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Instagram bans plastic surgery filters

The social media giant is increasing its efforts to counter Insta-dysmorphia.

We recently wrote an article about Instagram finally taking a stand against the promotion of diet culture on its platform to protect susceptible users from potentially dangerous self-medicating. Now, to further counter ‘Insta-dysmorphia,’ an unhealthy trend that sees people comparing themselves to surgically altered celebrities and face tuned influencers, the app is banning filters that entertain the idea of a fake aesthetic.

Since the Spark AR feature debuted earlier this year, many of us have delighted in seeing what we might look like with smaller noses, reconstructed jaws, and a larger pout, defended by its creators as ‘artwork,’ or ‘just a bit of fun.’ But it’s having an undeniable effect on our self-esteem.

A 2018 study asked 220 women to view a set of appearance-‘ideal’ images. Results of a survey taken after the study showed that seeing these images led to greater feelings of body and face dissatisfaction from almost all of the participants. ‘Exposure to idealised Instagram images (attractive peers) has a detrimental impact on body image,’ one of the medical scientists who conducted the study confirmed. Combine this with the opportunity to totally transform your face and the outcome is bound to intensify.

It comes as no surprise then that wellbeing concerns have been voiced regarding the popularity of these filters and the negative connotations behind them. In allowing literally anyone to publish their own augmented reality effects, ignoring what it might mean for our perceptions of beauty, has Spark made a critical error?

Personally, I believe that they have. Bearing in mind that we already know a great deal about how damaging social media can be in terms of making us feel inadequate, you’d think that they would consider it a priority to put our wellbeing first. However, the fact that digital designer Teresa Fogolari’s ‘Plastica’ filter has been used over 200 million times and still hasn’t been removed, simply proves that they don’t. Well, until now.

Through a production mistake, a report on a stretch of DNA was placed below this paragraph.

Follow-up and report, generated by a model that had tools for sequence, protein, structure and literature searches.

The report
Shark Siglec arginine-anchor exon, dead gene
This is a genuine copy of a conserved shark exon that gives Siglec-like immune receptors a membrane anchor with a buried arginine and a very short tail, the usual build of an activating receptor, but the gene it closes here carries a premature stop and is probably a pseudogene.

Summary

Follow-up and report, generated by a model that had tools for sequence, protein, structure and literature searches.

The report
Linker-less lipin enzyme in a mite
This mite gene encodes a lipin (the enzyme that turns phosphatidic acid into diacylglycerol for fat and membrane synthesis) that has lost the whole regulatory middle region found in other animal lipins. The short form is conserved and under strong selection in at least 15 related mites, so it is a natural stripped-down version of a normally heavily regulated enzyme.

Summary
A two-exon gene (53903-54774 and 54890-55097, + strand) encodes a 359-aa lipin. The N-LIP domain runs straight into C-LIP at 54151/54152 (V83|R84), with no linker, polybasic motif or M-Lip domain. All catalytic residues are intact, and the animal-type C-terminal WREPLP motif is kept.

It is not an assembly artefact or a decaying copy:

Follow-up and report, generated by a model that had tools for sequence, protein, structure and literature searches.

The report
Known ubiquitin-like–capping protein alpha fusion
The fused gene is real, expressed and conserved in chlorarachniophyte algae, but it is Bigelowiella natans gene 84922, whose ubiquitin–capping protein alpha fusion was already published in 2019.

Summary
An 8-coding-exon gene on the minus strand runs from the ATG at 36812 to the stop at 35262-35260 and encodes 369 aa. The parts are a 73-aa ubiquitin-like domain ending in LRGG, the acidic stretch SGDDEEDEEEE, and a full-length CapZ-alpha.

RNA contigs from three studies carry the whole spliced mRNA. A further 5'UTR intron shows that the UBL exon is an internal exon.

‘We want Spark AR effects to be a positive experience and are re-evaluating our existing policies as they relate to wellbeing,’ PR reps said in a statement before mentioning that they’d also be taking down all effects associated with plastic surgery and postponing the approval of new ones.

While I certainly praise their decision to crack down on the production of these effects, I find it rather alarming that Spark even tolerated it in the first place. One filter that stood out to me in particular was ‘Fix Me’ by Daniel Mooney which gives the user tuck and lift markings related to the actual process of plastic surgery rather than just the results. It also gives you a smaller nose and larger mouth, encouraging a higher acceptance of going under the knife by continuing to promote face deformation as a glamorous and ‘Instagrammable’ concept.

It’s honestly incredibly worrying that this did not raise any red flags when passing through the approval stage and Spark is entirely responsible.

Losing perspective on what we actually look like by comparing ourselves daily to an intentional fake self that we present on social media is extremely unhealthy in itself and needs to be part of the wider conversation about these issues.

‘Young people are already bombarded by idealised body images via the media which exacerbate feelings of insecurity and anxiety about their appearance,’ said Kitty Wallace, a spokesperson for the NHS. ‘Filters such as this only serve to reiterate the message that they are not good enough and that cosmetic procedures can be used to solve the problem.’

Spark haven’t officially stated when the mass deletion will begin, but in the meantime, amidst the ongoing pressure to formally tackle issues of self-esteem, we must try harder to safeguard vulnerable people from such damaging messages.